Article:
If you’re interested in learning more about this waterway, consider joining the Canal Society of New York, an organization that’s existed since 1956, and holds yearly conferences and field trips along the waterway.  Their website has lots of information and many useful links.

If you want more detail about the canal from Eriecanalway.org‘s application to the US Dept of the Interior/National Park Service in reference to the New York State Barge Canal Historic District, click here and start in section 7.

I plead guilty to multiloquium here, so let me end with a set of my photos I’ve taken along the Erie Canal, a treasured thoroughfare as much now as in 1825.

Dancing by the river,

skimming through the system,

looping together,

paddling as far as you want,

transiting from seas to inland sea,

waiting timeless bateaux ,

max’ing the dimensions

solo shelling,

Hudson boat getting raised at lock E-17,

Canadian boat heading for the St. Lawrence,

awaiting passengers to summit the thoroughfare,

stopping for regional treats,

exploring the middle of the thoroughfare,

using minimalist power,

repositioning delivery,

mustering,

returning from a tow,

locking through at season’s start,

fishing in the shade,

frolicking on fantasy fiesta floats,

simply yachting,

squeezing through and under and above,

bringing tools to a job,

rowing a home-built,

locking Urger through for at least the 10,000th time,

raising money from Buffalo to Burlington VT,

[your tour guide] tending line . . .

the air guides standing vigil, and

the misunderstood “monsters” preparing to plumb the depths of the canal, just some of the things that happen here.  This last photo is for TIB, who wanted to know.

 

 

 

 

This next batch were all taken from the deck of tug Dalzellaird. Steve writes:  “Captain Bob Munoz helped us aboard the tug Dalzellaird at 0800 hours. His tug was normally the Dalzellera, but it was out of service for many months because of damage to the variable pitch propeller and awaiting replacement parts from Holland. Looking out across the East River toward Brooklyn, Brooklyn was not to be seen because of the fog. It looked as if the parade wasn’t going to happen. However at about 0900 hours we pulled away from the pier with our portion of the press corps. The Dalzellaird headed down the East River, swung around Governors Island where we should have been able to see the Verrazano Bridge. It was not there.”

Vessels included Bluenose II, currently doing the Great Lakes Challenge 2019.   She recently appeared on tugster here.

Gorch Fock II at anchor.

Sagres musters the crew forward to ready sail,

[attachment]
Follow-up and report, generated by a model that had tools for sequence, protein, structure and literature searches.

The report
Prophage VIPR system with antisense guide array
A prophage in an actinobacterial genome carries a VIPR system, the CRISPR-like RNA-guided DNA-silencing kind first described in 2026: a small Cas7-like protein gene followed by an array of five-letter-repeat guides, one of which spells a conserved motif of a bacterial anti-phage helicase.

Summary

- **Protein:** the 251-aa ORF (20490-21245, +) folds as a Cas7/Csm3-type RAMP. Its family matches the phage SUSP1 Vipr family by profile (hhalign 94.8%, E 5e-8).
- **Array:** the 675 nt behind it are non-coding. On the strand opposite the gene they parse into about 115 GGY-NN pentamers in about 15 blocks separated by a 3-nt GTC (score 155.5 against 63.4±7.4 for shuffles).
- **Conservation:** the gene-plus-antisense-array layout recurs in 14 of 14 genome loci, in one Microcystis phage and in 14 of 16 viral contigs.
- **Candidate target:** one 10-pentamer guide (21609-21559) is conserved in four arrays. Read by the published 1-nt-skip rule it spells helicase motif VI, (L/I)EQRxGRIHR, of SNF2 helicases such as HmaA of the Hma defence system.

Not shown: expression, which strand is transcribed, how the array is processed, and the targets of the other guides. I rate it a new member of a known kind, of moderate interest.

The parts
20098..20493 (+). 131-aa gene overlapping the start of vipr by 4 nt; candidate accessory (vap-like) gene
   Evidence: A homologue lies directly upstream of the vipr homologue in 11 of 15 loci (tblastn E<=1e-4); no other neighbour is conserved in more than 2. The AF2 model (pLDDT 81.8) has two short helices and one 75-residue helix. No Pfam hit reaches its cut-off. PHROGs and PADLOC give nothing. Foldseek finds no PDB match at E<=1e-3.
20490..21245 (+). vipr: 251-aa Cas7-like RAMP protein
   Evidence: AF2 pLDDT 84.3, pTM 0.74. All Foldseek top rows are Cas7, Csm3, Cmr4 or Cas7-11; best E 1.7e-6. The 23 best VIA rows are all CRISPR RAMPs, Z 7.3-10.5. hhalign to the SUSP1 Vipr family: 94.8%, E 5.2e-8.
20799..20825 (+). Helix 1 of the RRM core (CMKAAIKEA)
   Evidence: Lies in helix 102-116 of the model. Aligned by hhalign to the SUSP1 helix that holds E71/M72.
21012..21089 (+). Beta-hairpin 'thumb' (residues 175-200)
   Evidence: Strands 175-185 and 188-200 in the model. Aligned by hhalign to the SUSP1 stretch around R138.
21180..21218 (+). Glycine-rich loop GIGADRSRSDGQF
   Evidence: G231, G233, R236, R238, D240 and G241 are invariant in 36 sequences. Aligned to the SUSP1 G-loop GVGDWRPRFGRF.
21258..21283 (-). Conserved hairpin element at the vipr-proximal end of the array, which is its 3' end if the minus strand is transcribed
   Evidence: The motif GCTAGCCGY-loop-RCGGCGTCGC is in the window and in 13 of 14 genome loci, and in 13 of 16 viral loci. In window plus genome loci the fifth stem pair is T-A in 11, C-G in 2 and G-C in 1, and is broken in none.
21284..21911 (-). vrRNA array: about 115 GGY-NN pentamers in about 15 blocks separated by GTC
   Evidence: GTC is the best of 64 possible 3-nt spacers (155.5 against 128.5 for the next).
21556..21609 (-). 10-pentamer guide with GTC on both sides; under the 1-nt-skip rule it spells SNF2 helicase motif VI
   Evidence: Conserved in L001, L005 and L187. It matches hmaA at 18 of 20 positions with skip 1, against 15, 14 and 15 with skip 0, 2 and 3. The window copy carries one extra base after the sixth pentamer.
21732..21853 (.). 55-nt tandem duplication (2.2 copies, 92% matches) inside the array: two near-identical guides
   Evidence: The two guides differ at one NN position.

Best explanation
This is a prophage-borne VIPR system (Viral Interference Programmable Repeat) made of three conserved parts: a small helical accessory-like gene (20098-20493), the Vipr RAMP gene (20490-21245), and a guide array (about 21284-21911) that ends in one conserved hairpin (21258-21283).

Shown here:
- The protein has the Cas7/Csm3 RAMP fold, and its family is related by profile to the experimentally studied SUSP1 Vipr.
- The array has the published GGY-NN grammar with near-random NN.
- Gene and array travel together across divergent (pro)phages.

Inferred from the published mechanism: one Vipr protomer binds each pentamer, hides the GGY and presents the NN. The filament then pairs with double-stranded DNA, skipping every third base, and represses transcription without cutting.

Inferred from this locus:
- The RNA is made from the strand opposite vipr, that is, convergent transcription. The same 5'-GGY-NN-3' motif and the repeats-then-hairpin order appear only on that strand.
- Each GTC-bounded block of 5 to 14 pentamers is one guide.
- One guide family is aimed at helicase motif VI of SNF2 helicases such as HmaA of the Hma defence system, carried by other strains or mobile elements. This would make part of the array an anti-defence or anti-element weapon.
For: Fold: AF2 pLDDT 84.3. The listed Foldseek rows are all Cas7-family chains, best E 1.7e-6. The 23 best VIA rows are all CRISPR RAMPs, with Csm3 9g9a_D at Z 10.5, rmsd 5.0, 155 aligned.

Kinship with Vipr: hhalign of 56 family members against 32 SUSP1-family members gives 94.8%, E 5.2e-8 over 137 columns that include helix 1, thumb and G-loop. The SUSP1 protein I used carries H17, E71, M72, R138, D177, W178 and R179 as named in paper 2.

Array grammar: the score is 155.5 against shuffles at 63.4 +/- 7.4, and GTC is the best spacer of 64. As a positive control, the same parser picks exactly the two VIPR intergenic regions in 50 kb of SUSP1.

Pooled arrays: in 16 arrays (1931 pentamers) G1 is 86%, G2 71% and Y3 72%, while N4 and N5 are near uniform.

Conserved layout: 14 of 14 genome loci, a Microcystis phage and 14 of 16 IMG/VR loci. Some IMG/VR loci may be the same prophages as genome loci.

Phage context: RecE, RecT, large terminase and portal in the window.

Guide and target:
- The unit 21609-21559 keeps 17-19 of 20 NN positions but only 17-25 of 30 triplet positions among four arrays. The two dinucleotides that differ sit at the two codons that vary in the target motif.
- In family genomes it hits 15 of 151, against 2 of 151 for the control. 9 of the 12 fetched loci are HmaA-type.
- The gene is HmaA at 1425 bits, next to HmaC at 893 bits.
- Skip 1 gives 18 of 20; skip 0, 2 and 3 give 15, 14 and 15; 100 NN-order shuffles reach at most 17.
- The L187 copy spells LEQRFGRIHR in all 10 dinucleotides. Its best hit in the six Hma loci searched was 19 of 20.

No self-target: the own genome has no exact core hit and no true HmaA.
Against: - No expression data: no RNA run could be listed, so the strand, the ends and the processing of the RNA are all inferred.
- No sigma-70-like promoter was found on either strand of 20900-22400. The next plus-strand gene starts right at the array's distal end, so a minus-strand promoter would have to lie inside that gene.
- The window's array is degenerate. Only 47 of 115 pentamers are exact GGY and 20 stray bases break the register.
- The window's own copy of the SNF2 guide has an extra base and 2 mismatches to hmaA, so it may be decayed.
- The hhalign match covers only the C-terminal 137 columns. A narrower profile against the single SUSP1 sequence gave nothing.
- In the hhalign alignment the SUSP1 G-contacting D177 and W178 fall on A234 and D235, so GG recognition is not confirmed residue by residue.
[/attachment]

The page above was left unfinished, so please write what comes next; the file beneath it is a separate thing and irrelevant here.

With crew high in the rigging, USCG Eagle passes USS Randolph-CV15 . . .

. . . with lots of small boats being reviewed as well.

Marie J Turecamo and Mobil 12 make an appearance,

Libertad unfurls sails

Bluenose II moves through the Upper Bay,

Esmeralda gets underway,

 

tug Esso Massachusetts sails with ceremonial flags,

St Lawrence II and Esmeralda and a brace of USCG 40-footers , and we’ll end this series with

Esmeralda passing the NY skyline, such as it was in 1964.

Let’s close the narrative getting back to Steve’s words:  “Toward mid-afternoon it was time to return to pier 8 and let the press return to their offices to make the deadline for their stories in the newspapers. As we were about to come alongside the dock and all of the press were anxious to get off the boat, Capt. Munoz stopped and went full astern with the engine and stopped again. He leaned out the pilothouse window and looked down at the press as they looked up at him. He asked them if they got good pictures, got good stories, had a good lunch and had a good day. They all answered with a resounding yes. He said that he was busy all day making sure that they got their good pictures and he didn’t have time to take one picture. Because the Dalzellaird was a bell boat, he told them his arm was about to fall off from the constant bell ringing to allow them to maneuver in and around the ships-all for them. He asked if any one of them could possibly send him a few photos of the day’s activities.

The overwhelming response was, of course, ‘Cap, give us your address.’ He pulled the Dalzellaird up against the dock and they all rushed off. All these years later, he is still waiting for a few photos.”     Maybe they got his email address wrong?

Thanks much, Steve, for sharing this.

Any errors here are entirely mine.

 

 

Way in the distance where the waterway narrows, that’s lock E-11 and accompanying moveable dam, Amsterdam NY.  Click here for closer-ups of some of the Erie Canal locks and bank scenery.

I saw no names anywhere as this catamaran cut dynamic grooves into a calm river, where I was waiting–in vain–for a vessel in the opposite direction, hoping to get photos of it navigating through the morning mist.  By this time, that mist had dissipated.

Here Bear motorsails westward past Little Gull light . . .

Anyone help with the name of this large sloop in the sixth boro about three weeks back?

It looked to be about 60–70′  . . .

America 2.0 plied harbor waters operations

out of Chelsea Piers.

Off Croton Point, this metallic-looking catamaran headed upriver.

Again, I noticed no name, but the flag could say Bermuda.

Even as the mainsail is lowered, Clearwater is unmistakeable.

And this brings up back up to the Oswego Canal, it’s brigantine St Lawrence II;

her rig conspicuously missing tells me it went on ahead on a truck.  St. Lawrence II here was nearing Oswego.

And to close this out, here are three photos from Lake Erie, late summer.

 

 

All photos recently by Will Van Dorp, who by this time should be back on the St. Lawrence River.